It is important to remember that a low FODMAP diet does not improve symptoms for ALL children with IBS. In these cases, other diet therapies may be needed in addition to, or as a replacement of a low FODMAP diet.
Managing a Low FODMAP Diet
As seem with any restricted diet, children may be exposed to trigger foods when you are not present and may also struggle with having limited options. This is why is can be so beneficial to work with a dietitian to ensure variety and balance is continued.
Keeping a list accessible at all times of low and high FODMAP foods may help you and your child.
In addition, Monash University offers a FODMAP app that is frequently updated to help identify low FODMAP products from major food brands and a library of low FODMAP recipes. They even have shopping lists that you can print and take with you to the grocery store. You can learn more and download the app here: https://www.monashfodmap.com/ibs-central/i-have-ibs/get-the-app/.
Access a library of low FODMAP recipes of meals and snacks
You can refer to the lists below as a starting point for identifying foods that you may want to give your child, and foods to avoid while on the initial phase of the low FODMAP diet. Keep in mind that some of the foods listed under the ‘Low FODMAP’ list is determined by portion size and are not unlimited in amounts. If you have three low FODMAP fruits in one sitting, this may add up to a moderate or even high FODMAP meal depending on the quantities consumed.
Low FODMAP Foods:
- Meats, fish and eggs, unless they have added high-FODMAP ingredients like wheat or high-fructose corn syrup
- All fats and oils
- Most herbs and spices
- Nuts and seeds: Almonds, peanuts, macadamia nuts, pine nuts, sesame seeds (avoid pistachios and cashews)
- Fruits: Unripe bananas, blueberries, cantaloupe, grapefruit, grapes, kiwi, lemons, lime, mandarins, melons (except watermelon), oranges, passionfruit, raspberries, strawberries (ask your doctor or dietitian for recommended servings)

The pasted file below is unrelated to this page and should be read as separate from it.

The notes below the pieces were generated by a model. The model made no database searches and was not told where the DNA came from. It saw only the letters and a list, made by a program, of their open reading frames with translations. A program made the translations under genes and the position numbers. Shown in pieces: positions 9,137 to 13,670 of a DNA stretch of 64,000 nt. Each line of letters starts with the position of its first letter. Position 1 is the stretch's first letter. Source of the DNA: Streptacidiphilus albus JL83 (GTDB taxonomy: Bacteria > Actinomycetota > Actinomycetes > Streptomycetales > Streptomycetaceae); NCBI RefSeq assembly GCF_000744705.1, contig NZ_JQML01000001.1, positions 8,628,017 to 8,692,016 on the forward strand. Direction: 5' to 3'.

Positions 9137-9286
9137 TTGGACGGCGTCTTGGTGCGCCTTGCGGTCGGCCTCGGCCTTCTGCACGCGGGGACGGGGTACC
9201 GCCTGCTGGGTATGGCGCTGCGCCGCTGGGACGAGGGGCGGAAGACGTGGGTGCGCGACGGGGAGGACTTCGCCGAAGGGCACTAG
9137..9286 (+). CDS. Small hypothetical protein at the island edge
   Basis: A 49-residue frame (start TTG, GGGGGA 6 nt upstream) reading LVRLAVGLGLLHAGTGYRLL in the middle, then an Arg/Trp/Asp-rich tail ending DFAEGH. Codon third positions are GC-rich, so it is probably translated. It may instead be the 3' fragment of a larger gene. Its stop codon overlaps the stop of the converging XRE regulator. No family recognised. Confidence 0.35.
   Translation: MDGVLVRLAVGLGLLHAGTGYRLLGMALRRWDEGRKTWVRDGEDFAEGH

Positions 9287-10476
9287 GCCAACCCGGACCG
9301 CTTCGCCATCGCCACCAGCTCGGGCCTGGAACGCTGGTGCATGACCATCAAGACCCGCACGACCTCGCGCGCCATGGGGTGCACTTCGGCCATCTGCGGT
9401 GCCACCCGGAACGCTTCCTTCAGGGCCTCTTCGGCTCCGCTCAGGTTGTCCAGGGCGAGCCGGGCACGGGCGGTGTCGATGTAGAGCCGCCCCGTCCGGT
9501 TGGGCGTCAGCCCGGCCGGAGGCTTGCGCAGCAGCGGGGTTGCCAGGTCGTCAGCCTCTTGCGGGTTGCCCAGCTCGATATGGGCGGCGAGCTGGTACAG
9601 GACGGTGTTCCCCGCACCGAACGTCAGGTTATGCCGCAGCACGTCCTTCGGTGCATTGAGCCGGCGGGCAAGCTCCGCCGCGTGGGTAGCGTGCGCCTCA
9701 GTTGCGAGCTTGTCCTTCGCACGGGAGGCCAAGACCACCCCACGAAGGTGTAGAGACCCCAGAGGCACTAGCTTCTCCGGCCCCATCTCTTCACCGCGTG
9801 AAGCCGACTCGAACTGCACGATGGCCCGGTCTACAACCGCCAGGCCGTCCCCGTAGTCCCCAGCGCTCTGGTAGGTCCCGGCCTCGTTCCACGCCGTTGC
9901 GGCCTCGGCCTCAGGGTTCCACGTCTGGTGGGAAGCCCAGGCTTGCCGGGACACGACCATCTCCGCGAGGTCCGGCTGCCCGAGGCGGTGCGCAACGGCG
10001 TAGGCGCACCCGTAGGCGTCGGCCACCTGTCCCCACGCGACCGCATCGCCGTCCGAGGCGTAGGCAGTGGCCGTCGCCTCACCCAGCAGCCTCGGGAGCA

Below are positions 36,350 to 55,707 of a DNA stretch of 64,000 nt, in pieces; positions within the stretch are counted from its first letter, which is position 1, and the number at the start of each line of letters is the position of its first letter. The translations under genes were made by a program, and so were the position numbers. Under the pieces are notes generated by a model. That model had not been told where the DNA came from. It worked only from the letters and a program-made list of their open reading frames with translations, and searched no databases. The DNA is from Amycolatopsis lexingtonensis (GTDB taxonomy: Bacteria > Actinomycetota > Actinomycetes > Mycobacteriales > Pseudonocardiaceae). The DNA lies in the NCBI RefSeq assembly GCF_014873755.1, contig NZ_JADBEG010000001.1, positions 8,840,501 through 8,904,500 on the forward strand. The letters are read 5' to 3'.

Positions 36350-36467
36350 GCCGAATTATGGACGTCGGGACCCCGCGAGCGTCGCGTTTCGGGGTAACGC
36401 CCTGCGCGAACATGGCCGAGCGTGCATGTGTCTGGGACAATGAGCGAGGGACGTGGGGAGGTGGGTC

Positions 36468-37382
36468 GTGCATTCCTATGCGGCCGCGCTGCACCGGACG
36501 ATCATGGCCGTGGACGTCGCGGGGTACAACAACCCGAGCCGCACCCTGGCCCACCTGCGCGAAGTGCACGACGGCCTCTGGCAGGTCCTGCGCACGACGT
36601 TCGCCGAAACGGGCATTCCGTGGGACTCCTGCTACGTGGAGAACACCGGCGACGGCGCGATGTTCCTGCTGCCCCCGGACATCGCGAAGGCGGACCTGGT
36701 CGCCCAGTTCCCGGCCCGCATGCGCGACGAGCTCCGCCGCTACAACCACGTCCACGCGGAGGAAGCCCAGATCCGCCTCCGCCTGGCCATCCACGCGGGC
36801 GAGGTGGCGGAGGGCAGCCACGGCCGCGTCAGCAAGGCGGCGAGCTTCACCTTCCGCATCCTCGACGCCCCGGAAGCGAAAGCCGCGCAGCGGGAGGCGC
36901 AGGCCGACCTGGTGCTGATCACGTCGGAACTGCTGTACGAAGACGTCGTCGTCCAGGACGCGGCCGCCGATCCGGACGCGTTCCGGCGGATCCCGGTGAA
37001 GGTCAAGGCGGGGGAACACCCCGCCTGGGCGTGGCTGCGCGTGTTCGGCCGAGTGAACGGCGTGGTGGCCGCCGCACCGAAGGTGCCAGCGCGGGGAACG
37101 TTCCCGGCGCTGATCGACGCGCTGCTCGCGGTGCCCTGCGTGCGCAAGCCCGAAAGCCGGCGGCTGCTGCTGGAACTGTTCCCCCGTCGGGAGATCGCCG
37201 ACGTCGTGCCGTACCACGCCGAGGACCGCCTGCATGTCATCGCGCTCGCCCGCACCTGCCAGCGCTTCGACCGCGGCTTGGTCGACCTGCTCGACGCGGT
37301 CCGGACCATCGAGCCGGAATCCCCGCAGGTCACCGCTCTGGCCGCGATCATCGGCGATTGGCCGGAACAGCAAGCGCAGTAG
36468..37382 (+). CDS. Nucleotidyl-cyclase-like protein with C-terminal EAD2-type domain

- Sweeteners: Maple syrup, molasses, and stevia
- Dairy products: Lactose-free dairy products, hard cheeses and aged softer varieties like brie and camembert
- Vegetables: Bell peppers, bok choy, carrots, celery, cucumbers, eggplant, ginger, green beans, kale, lettuce, chives, olives, parsnips, potatoes, radishes, spinach, green onions, squash, sweet potatoes, tomatoes, turnips, yams, water chestnuts, zucchini (ask your doctor or dietitian for recommended servings)
- Grains: Oats, rice, quinoa, sorghum, tapioca (ask your doctor or dietitian for recommended servings)
- Beverages: Water and tea
This list is neither definitive nor exhaustive, and keep in mind that every child is different and may not tolerate some foods either because of FODMAPs or for other reasons.
High FODMAP Foods:
In order to minimize exposure, you may want to avoid these common foods and ingredients during the initial phase of the diet:
- Fruits such as apples, apricots, blackberries, canned fruit, pears, peaches, watermelon
- Sweeteners such as fructose, high fructose corn syrup, honey, xylitol, sorbitol
- Dairy products such as milk, ice cream, most yogurts, sour cream, soft and fresh cheeses and whey protein supplements
- Vegetables such as asparagus, broccoli, Brussels sprouts, cabbage, cauliflower, garlic, mushrooms, okra, onions and peas
- Legumes such as beans, chickpeas and lentils
- Wheat such as bread, pasta, some breakfast cereals, tortillas, waffles and crackers
- Other grains such as barley and rye
- Beverages such as soft drinks with high-fructose corn syrup, milk, soy milk and fruit juices